I don't think I will join Twitter unless it develops into a blossoming poetry machine. I'm going to avoid it if its just becomes another conduit for business.

I don't mean to sound like a curmudgeon. I am all for connectivity. For social software. For contact. For friends of friends. For community. But right now, I'm in the mood for idleness.
Idleness is not just a psychological necessity, requisite to the construction of a complete human being; it constitutes as well a kind of political space, a space as necessary to the workings of an actual democracy as, say, a free press. How does it do this? By allowing us time to figure out who we are, and what we believe; by allowing us time to consider what is unjust, and what we might do about it. By giving the inner life (in whose precincts we are most ourselves) its due. Which is precisely what makes idleness dangerous. All manner of things can grow out of that fallow soil. Not for nothing did our mothers grow suspicious when we had "too much time on our hands." They knew we might be up to something. And not for nothing did we whisper to each other, when we were up to something, "Quick, look busy."

Slouka, M.. "Quitting the Paint Factory." Harper's 309.1854 (2004):57-66.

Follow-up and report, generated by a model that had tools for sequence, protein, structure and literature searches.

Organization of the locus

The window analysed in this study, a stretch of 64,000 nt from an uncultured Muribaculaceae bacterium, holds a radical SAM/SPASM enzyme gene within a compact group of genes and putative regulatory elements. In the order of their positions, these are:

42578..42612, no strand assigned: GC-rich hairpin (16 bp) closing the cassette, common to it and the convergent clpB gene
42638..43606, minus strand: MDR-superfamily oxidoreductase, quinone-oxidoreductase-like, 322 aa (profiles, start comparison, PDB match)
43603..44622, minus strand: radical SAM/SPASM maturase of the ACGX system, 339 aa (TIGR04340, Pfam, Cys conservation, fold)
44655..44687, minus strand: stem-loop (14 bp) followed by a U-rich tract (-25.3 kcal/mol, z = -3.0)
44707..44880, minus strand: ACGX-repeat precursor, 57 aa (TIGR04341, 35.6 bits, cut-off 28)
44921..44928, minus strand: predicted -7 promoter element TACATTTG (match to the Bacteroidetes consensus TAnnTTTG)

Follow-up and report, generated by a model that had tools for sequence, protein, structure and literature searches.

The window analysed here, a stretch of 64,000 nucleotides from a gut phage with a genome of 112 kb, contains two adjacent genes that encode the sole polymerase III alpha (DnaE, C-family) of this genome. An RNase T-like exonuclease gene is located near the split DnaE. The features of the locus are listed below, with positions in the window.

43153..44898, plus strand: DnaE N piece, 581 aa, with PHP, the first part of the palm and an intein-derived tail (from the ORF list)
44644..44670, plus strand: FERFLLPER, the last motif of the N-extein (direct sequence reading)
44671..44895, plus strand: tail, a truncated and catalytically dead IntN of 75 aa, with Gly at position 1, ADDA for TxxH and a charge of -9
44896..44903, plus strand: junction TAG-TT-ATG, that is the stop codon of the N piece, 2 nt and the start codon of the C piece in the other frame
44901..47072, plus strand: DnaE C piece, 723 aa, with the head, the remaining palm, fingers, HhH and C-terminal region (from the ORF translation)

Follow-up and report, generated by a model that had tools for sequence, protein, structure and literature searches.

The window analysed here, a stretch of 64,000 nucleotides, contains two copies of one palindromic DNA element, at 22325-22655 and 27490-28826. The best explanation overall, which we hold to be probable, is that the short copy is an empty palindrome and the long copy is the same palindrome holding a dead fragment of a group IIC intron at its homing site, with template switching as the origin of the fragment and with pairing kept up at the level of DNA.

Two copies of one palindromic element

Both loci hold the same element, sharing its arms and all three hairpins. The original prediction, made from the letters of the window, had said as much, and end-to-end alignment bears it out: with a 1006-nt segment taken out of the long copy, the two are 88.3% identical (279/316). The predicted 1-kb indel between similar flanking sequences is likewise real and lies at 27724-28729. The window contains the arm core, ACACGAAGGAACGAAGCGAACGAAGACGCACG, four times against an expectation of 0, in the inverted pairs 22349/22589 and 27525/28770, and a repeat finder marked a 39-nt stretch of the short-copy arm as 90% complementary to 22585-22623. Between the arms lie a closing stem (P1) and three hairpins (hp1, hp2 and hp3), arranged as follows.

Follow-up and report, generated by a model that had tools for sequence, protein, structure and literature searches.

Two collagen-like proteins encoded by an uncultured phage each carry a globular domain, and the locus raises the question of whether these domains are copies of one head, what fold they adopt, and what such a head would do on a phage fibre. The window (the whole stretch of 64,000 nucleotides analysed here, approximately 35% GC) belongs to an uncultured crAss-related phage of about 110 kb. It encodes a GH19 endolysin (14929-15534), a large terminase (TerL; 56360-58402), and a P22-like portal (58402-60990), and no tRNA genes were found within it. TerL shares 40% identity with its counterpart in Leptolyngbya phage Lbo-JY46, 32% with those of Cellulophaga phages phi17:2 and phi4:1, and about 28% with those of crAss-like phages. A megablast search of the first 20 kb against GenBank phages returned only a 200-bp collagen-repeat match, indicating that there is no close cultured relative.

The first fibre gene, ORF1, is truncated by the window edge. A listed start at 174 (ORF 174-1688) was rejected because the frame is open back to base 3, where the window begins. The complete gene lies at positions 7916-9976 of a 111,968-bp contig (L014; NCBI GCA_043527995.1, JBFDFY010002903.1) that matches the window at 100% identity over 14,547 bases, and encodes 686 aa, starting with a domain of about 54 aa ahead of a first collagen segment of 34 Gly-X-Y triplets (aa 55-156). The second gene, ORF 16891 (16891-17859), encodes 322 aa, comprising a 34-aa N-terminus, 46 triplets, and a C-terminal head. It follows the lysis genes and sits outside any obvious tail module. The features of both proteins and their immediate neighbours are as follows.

On the way to work, I was stopped in my tracks twice by birds singing. I'm not sure whether I found the songs captivating because I haven't heard them all winter or because the bird songs of spring are different and more pronounced from the songs from the rest of the year. I would love an afternoon dedicated to finding this out. And to stake out the bird's nest I found by my work parking lot to properly identify the singer.

But to make best use of the spare time I do have, I tried to save its call by filming a blurry video of the bird with my digital camera. Later today or tomorrow I will flip through my Sibley and perhaps check out our library's Birds of North America.

That's how I use Twitter.

Monday, April 09, 2007

There are only 11 US newspaper reporters in Iraq

Today, there are all of 11 U.S. newspaper reporters in Iraq, covering the biggest foreign policy story of the decade, employed by just three papers – the independent Washington Post and New York Times and the Los Angeles Times. The common ownership of the former Black papers helps explain why almost every major English-language daily in Canada, apart from the one you're reading, supported the war in Iraq. Indeed, it was the paucity of divergent views in U.S. mainstream papers on the activities of the Bush administration that spurred the growth of political websites – one of the largest subject categories on the Internet. It also drove readers away from the San Diego Union-Tribune and the Toledo Blade to the online editions of the Toronto Star and the U.K. Guardian.
In 2003, Lisa Sloniowski and I created a website called Iraq 2003: Sources of News as a companion to a discussion we hosted in the library about press coverage and the war. You think I wouldn't be shocked by the paucity of reporting in Iraq 2007 but evidently there's room for me to become even more jaded.